Tampa Bay Bucs receiver Antonio Brown isn’t exactly known for making sound decisions—especially when it comes to sexual assault, amongst a myriad of other allegations—so it should come as absolutely no surprise that according to the Tampa Bay Times, he’s now being accused of obtaining a fake COVID-19 vaccine card. Because of course, he is.
ESPN can explain this debacle way better than I can, so I’ll happily allow them to do so:
The Times reported Thursday that, according to Steven Ruiz—a former personal chef for the wide receiver—Brown had his girlfriend, model Cydney Moreau, reach out to Ruiz over the summer to obtain a fake vaccination card that said Brown had received the Johnson & Johnson shot. According to text messages provided by Ruiz, Moreau offered $500 for a fake card.
Ruiz said he was unable to acquire a fake card for Brown, according to the report, but he added that the wide receiver a few weeks later showed him ones he had for himself and Moreau that he said he had purchased. Brown reportedly was unwilling to get the vaccine because of possible side effects.
Ruiz said he went public with the accusation after Brown failed to pay $10,000 owed to him, according to the Times.
To validate his claim, Ruiz was even kind enough to provide a screenshot of his text exchange with Moreau to the Times.
In a statement to the Times, Brown’s lawyer, Sean Burstyn, denied these claims and insisted that his client is vaccinated against COVID-19.
“Antonio Brown appreciates the severity of the pandemic, which is why he got the vaccine and supports everyone for whom it is advisable to get the vaccine,” Burstyn wrote. “Coronavirus has hit close to home as it took him out of a game. He is healthy, vaccinated, and ready to win another Super Bowl.”
In a separate statement to ESPN, Burstyn doubled down on Brown’s vaccination status and even offered to resolve the matter publicly.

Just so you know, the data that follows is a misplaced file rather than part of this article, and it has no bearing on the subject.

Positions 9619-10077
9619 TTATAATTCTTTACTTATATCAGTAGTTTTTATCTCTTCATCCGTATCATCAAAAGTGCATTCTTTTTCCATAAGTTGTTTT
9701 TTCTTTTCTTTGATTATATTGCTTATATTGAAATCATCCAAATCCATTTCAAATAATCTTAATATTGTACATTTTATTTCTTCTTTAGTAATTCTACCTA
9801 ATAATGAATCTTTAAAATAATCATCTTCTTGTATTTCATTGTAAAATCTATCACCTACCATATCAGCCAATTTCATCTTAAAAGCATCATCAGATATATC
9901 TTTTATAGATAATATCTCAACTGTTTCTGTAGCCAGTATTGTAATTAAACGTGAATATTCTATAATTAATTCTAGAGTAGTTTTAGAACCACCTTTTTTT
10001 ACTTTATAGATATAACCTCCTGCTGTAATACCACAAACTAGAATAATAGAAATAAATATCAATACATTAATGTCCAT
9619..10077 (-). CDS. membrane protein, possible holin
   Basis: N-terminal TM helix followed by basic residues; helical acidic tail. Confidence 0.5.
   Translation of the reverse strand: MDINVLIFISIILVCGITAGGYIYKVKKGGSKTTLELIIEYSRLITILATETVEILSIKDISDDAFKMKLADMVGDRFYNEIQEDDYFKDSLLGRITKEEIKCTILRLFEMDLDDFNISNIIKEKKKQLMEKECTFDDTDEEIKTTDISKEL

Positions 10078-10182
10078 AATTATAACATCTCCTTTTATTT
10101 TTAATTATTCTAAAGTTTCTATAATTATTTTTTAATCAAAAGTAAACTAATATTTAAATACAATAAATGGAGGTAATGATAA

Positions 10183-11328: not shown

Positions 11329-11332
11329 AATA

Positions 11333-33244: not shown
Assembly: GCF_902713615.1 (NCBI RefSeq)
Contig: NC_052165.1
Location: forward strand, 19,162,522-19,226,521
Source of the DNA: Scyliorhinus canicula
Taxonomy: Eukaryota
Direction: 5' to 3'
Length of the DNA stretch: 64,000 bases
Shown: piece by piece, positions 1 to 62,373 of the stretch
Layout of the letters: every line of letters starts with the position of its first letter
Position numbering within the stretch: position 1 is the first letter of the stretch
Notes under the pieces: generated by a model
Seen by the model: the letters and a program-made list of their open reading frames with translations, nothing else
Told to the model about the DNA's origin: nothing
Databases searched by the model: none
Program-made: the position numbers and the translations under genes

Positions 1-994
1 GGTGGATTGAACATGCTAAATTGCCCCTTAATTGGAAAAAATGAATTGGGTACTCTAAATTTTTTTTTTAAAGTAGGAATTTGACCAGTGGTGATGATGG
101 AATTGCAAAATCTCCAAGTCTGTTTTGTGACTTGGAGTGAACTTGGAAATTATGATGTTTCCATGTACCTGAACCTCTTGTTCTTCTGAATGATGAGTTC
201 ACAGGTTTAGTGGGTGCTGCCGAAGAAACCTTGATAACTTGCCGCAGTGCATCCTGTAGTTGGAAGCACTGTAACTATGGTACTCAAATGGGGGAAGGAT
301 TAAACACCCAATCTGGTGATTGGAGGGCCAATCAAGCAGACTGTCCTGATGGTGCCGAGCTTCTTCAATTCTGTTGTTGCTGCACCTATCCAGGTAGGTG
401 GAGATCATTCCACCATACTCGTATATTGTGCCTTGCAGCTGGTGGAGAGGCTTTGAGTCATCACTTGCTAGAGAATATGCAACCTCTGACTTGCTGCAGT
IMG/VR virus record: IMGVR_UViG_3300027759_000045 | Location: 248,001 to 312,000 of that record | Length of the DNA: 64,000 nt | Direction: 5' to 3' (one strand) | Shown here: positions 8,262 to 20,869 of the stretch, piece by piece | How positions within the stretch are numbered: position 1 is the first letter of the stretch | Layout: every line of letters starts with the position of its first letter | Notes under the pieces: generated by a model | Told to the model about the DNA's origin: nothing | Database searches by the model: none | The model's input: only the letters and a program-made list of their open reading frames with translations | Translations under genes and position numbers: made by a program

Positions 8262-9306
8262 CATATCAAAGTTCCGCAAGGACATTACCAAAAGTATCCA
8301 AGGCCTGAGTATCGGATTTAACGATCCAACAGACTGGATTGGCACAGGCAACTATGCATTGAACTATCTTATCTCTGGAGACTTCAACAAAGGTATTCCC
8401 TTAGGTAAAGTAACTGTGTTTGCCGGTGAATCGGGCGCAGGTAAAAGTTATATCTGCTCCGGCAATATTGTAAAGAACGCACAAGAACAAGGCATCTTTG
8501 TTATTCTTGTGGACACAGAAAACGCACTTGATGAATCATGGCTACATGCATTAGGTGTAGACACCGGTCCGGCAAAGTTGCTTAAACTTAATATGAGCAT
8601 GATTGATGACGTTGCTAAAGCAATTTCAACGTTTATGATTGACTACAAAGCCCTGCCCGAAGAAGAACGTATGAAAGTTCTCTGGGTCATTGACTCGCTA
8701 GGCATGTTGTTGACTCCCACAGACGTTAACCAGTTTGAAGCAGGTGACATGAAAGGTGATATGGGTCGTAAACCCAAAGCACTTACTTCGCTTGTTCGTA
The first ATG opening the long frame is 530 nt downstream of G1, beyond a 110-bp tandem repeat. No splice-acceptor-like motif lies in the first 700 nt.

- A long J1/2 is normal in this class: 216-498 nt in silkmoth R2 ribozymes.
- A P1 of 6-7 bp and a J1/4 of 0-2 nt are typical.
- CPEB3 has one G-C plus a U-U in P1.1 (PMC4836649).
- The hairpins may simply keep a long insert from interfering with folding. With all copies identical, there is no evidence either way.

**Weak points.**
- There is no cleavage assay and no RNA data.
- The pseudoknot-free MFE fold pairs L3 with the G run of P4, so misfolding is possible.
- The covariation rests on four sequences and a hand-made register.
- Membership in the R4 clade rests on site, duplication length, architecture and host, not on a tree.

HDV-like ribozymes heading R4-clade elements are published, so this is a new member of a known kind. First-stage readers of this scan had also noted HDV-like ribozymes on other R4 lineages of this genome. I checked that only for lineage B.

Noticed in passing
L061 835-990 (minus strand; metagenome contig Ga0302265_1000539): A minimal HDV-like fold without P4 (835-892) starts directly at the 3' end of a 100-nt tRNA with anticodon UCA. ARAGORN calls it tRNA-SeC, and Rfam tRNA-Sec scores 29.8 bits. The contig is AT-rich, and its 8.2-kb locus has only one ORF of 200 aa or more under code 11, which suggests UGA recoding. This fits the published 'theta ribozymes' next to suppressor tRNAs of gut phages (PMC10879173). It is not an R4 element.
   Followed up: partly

“If Antonio’s doctors and the guidelines require a booster shot, then at that time, he’ll be happy to do it live on TV and everyone can come watch,” he said.
And because I’m sure you’re wondering what the Bucs have to say about all of this, the team maintains that it’s “received completed vaccination cards from all Tampa Bay Buccaneers players” and that “all vaccination cards were reviewed by Buccaneers personnel and no irregularities were observed.”
It’s important to note that while the NFL doesn’t require players to get vaccinated, those that aren’t are required to abide by an entirely different set of rules in order to protect the health and safety of other players and team personnel—which is exactly why Aaron Rodgers lied about being vaccinated until he contracted COVID-19 and couldn’t keep his vaccination status a secret any longer.
In speaking with ESPN, NFL spokesperson Brian McCarthy said league representatives were “aware of the report and have been in contact with the club. We will review the matter.” If it’s discovered that Brown did purchase a fake vaccine card, he would be subject to both the league’s personal conduct policy and whatever federal punishments apply, since it’s a whole-ass criminal offense to run around with a fake vaccine card.